Not many teams can lose two scrum-halves to injury and still field a player as effective as Maunder. The 21-year-old kept the tempo up, passed crisply from the base and took charge of Exeter’s powerhouse pack before he was replaced late in the game by his younger brother, Sam.

  1. Sami Mavinga, Newcastle Falcons

Mavinga had solid outings in his first two games of the season and then built on that against Worcester on Saturday. He made the big line-break that resulted in Sonatane Takulua’s try and squared up well against Simon Kerrod in the scrum. If Newcastle can bring him into the game more as a ball-carrier, they will prosper from it this season.

  1. Franco Marais, Gloucester

The South African’s first start in the Premiership was an impressive one and aside from one errant throw, it was an effective and clean performance. He gave Gloucester some grunt around the fringes, whilst their back-row went to work slightly further out from the breakdowns, and he was busy in defence, helping ensure very little front-foot ball for Bristol.

  1. Henry Thomas, Bath

Thomas helped lay the foundations for an eye-catching Bath win at the Stoop and it started with a solid showing in the scrum. He carried well, too, and helped shift the point of contact in the tight with a display of good handling skills.

  1. Ed Slater, Gloucester

The perfect captain’s performance from Slater, who led from the front for the Cherry and Whites. He was a reliable target at the lineout, stood up with the tough carries after slow ball and even with defences set, always seemed to find a way of making a metre or two and allowing Gloucester to flood forward onto the ball in the next phase. Really laid the platform for an excellent outing for the club’s back-rowers.

  1. Maro Itoje, Saracens

There was an energy and an impact to everything Itoje did on Saturday, with the lock rarely away from the action. His work at the contact area was effective, both in attack and defence, he carried strongly and frequently led the defensive line with his impressive work rate.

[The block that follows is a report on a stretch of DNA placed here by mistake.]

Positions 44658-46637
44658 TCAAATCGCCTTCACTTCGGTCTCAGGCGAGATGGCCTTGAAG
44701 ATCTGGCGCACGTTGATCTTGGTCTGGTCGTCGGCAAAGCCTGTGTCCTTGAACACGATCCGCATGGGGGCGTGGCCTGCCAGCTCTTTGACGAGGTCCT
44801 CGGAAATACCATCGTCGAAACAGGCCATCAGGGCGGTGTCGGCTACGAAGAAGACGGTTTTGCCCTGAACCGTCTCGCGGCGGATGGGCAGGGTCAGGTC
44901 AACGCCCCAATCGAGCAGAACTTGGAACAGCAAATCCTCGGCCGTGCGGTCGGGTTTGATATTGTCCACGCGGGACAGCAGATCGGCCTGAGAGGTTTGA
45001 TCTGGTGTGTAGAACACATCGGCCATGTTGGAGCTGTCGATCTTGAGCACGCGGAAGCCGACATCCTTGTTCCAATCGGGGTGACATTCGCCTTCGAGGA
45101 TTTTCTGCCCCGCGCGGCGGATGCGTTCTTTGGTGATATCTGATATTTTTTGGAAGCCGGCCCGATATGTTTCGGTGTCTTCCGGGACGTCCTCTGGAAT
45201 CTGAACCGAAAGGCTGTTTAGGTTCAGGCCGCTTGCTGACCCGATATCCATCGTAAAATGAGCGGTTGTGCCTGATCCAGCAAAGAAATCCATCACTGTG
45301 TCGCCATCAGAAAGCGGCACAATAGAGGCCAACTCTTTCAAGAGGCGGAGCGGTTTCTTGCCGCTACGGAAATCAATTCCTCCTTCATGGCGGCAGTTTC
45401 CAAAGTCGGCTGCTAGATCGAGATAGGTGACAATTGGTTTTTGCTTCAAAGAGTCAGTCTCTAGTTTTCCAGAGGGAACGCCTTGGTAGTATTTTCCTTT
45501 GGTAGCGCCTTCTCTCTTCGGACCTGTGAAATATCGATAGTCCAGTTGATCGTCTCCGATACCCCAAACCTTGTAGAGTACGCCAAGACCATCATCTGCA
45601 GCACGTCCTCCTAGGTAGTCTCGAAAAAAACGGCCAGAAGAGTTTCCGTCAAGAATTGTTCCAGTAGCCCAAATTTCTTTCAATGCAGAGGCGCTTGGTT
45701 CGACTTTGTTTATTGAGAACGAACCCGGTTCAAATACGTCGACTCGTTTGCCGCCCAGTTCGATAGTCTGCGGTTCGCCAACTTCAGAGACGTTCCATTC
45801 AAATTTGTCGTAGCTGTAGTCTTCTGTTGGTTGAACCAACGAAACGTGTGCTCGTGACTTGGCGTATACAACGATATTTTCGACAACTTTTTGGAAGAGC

1. Jake Polledri, Gloucester

A ruthless performance from the Italian international, who was all but uncontainable one-on-one. His carrying constantly kept Gloucester on the front-foot, his tackling was powerful and shut down Bristol on the gain-line and his blend of power and footwork made him a nightmare for Bristol defenders to track and bring down.

  1. Lewis Ludlow, Gloucester

Joins his Gloucester teammate on the flanks, after turning in a dynamic performance at Kingsholm. A real rarity, Ludlow didn’t actually lead his side in tackles on Friday night, making just a paltry – by his standards – 13, but he was far more influential with the ball in hand, adding another strong carrying presence alongside Polledri. He had an important role securing quick and clean attacking ball at the contact area, too.

  1. Zach Mercer, Bath

The Bath number eight, rather aptly, just does enough to deny an all-Gloucester back-row, with Ruan Ackermann a more than honourable mention here. Mercer stormed through the Harlequins defence on multiple occasions and continues to set himself apart with his reading of the game and the consequent ability to arrive onto the ball at speed. Throw in his incisive lines, quick footwork and powerful fend and he was quite the offensive weapon at the Stoop.